This is a guest post by Jay Christopherson, principal engineer, DevOps, at Spaceflight Industries. Spaceflight is revolutionizing the business of space flight by delivering a new model for accessing space. A comprehensive launch service and mission management provider, the company provides a straightforward and cost-effective suite of products and services including state-of-the-art satellite infrastructure, rideshare launch offerings, and global communications networks that enable commercial and government entities to achieve their mission goals, on time and on budget. A service offering of Spaceflight Industries in Seattle Washington, Spaceflight provides its services through a global network of partners, ground stations, and launch vehicle providers.
We had two main challenges facing us as we determined how to design the computing infrastructure to support our business applications: how we should handle distributed runtime changes and service discovery. We need distributed changes as we deploy remote satellite communications ground stations (spokes) around the world, but which are all managed from a central location (hub). Changes made from a central location need to be distributed out to one or more remote ground stations in an automated fashion. As for service discovery, we build and deploy quite often and we needed to make sure that changes to services in our infrastructure are detected and updated as quickly as possible without any manual updates. These are the reasons we looked at HashiCorp Consul.
Our applications all register on deployment with Consul and from there, we make heavy use of Consul-based health checks, tags, external services registration, and load balancing (for certain tools that can register an “active” component). Also, DNS allows all of our various applications and services to dynamically update and discover other required services. For runtime configuration we have invested in tools like consul-template to build dynamic configuration files that can update based on triggers, such as a value change in Consul. In the end, a change to our deployed services often becomes as simple as making a change to a parameter held in a file in our source repository; builds are triggered on change, the updates are pushed to Consul. Now, changes to our deployed services “just happen.”
Our Architecture with Consul and other HashiCorp products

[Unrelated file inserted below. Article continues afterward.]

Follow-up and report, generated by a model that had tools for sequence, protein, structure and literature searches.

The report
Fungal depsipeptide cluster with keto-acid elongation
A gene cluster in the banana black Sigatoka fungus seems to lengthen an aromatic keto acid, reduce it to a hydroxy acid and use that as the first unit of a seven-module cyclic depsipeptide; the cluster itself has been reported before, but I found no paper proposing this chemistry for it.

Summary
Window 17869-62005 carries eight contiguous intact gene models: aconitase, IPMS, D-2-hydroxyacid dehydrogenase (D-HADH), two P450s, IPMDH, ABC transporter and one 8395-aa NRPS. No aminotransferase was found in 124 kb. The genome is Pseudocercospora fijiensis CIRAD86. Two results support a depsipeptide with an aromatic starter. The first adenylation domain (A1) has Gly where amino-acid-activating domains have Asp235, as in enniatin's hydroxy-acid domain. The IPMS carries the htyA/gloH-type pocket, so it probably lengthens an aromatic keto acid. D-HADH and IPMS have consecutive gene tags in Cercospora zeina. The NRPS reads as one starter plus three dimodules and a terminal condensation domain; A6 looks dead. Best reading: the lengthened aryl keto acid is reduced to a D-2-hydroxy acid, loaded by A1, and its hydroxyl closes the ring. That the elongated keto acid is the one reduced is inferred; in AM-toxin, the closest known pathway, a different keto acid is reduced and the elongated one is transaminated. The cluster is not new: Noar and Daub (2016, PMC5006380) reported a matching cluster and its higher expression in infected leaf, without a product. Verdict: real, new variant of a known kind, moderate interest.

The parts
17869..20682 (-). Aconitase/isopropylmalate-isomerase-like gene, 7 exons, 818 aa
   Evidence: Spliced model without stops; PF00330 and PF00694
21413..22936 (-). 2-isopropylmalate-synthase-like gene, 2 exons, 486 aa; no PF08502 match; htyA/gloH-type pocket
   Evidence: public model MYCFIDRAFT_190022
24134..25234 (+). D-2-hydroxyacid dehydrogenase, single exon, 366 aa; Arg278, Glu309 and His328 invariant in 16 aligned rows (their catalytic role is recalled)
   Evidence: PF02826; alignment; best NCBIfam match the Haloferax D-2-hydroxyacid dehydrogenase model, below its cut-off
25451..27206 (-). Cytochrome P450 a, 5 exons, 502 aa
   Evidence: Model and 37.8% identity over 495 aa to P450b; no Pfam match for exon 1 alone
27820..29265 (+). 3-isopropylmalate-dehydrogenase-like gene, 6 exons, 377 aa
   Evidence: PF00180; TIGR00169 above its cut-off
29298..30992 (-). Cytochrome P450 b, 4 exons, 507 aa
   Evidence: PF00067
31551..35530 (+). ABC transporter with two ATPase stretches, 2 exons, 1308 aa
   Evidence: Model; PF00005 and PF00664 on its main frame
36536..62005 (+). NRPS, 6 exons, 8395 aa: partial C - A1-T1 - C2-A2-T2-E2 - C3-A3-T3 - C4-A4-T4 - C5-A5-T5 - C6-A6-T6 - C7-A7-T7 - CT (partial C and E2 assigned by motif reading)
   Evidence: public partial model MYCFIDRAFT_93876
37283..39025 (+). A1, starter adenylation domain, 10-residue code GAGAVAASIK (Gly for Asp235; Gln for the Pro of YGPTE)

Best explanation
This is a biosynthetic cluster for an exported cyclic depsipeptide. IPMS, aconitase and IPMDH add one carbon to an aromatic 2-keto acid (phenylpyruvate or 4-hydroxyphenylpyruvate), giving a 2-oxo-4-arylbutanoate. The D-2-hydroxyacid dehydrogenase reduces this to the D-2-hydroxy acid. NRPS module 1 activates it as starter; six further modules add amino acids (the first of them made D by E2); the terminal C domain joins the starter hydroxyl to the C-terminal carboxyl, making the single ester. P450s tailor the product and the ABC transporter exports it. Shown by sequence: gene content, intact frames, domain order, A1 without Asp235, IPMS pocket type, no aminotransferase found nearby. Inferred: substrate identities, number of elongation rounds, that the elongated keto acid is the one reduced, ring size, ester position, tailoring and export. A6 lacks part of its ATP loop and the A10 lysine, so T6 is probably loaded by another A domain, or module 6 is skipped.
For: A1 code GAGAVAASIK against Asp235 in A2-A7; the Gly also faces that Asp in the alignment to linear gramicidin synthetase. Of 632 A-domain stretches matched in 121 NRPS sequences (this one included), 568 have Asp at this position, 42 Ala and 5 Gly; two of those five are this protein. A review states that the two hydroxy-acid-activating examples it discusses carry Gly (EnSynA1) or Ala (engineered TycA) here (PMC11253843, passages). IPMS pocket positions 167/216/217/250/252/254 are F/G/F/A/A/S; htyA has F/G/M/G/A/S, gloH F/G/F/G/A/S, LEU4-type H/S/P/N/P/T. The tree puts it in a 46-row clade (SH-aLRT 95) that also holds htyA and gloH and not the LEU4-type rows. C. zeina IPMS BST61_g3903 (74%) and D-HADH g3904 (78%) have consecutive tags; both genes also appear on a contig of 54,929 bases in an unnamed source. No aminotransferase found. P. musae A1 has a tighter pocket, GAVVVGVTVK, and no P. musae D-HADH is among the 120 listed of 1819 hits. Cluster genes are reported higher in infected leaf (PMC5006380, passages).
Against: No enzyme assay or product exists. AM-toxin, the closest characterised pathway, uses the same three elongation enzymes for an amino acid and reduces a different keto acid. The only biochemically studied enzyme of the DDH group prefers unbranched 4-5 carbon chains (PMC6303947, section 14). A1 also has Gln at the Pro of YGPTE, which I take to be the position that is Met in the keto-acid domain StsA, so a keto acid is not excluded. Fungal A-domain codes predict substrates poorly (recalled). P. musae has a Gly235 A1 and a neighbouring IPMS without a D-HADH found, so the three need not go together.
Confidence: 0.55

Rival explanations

The core of any deployment at Spaceflight Industries is composed of four pieces: HashiCorp Consul, HashiCorp Vault, HashiCorp Nomad, and HashiCorp Terraform. Focusing on Consul, it’s the base component of everything we do which includes key/value management, service registration, dynamic DNS, and external services. Any new service we design is designed around how it is going to interact and be configured with Consul. It also serves as the backing store for our Vault deployment. For any production level services, we deploy Consul in a cluster.
We’ve designed our setup in a hub-and-spoke architecture. We have a central hub where any changes that are common across all ground stations are synchronized out to remote sites. There are a few key things that we choose to keep locally in the hub cluster only. Previously, we made every remote ground station a read-only copy of the hub cluster. However, we have found that the ability to mark some items as local-only (i.e., not sync’d out), available in the more recent versions of Consul, has made certain things easier for us and we prefer a more hybrid approach to synchronization now.
Our implementation of Consul provided us with key learnings throughout the process. We used to populate the K/V store using scripts, but found that this really wasn’t sustainable long term. What we really wanted, was to have a developer check in a change to source control, and have that “automagically” build/test/deploy so that all changes are tracked, without requiring special knowledge of Consul or our DevOps infrastructure. Using a Terraform resource to populate Consul with K/V or external services means that we can easily achieve that goal. Make a change in source, commit, trigger a build/test, trigger a Terraform plan/deploy, and it all happens behind the scenes in very little time with zero interaction beyond the initial commit.
Our best practice recommendation here (which is probably obvious to most), is to build your system so that changes can be easily tracked from a single source. Also, set up your system so that changes can only be made from that single source. Implement a break-glass procedure which would allow someone to escalate their privileges such that they can make changes directly in an emergency.
Less management overhead and bottlenecks with increased developer productivity
There have been several key benefits from our implementation: